We’ve had a consistently wet summer in Tennessee, great for plants and even better for amphibians. Pools and streams that dry up in most years have remained wet, allowing many larval amphibians to grow up without their lives being cut short, as they so often are, by dry spells. Once metamorphosed and on land, the youngsters find a moist world. Most welcoming.
A careful eye will discern legions of young frogs and toads loping and bouncing in tangles of vegetation. Here is a young Cope’s Gray Treefrog (Hyla chrysoscelis) warming itself in the sun before plunging back under the shady leaves. The animal is small enough that it could sit comfortably on a penny. For photos of the adults and eggs, and sound recordings of the breeding males, see my previous posts here and here.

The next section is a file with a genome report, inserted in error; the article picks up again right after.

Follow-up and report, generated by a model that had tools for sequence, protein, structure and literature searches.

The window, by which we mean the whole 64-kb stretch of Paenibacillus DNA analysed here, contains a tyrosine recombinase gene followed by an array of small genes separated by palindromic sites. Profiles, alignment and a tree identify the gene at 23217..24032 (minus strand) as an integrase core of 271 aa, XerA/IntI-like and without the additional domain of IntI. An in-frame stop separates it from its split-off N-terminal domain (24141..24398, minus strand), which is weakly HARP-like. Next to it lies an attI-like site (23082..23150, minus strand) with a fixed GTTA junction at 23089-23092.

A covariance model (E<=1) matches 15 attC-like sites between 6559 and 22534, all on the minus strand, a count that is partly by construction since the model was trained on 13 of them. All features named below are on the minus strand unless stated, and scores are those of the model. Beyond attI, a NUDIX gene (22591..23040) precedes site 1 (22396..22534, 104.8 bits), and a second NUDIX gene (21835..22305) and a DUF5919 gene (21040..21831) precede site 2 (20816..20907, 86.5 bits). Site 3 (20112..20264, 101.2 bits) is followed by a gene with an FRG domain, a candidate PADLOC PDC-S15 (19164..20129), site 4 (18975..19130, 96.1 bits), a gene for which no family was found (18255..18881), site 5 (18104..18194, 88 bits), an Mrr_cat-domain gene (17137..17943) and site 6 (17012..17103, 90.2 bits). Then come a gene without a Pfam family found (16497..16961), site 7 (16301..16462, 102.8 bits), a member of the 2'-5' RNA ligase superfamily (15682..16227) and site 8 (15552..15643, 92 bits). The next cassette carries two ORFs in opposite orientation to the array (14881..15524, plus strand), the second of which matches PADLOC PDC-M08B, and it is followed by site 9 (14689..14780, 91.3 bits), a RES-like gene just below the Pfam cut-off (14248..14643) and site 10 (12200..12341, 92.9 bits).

yes, references to older posts are helpful
Sweetly adorable! :) Perfectly camouflaged!
Looks like some larval insects have found that leaf, too.
Oh yes. Would love to know who. Leaf is exotic wisteria.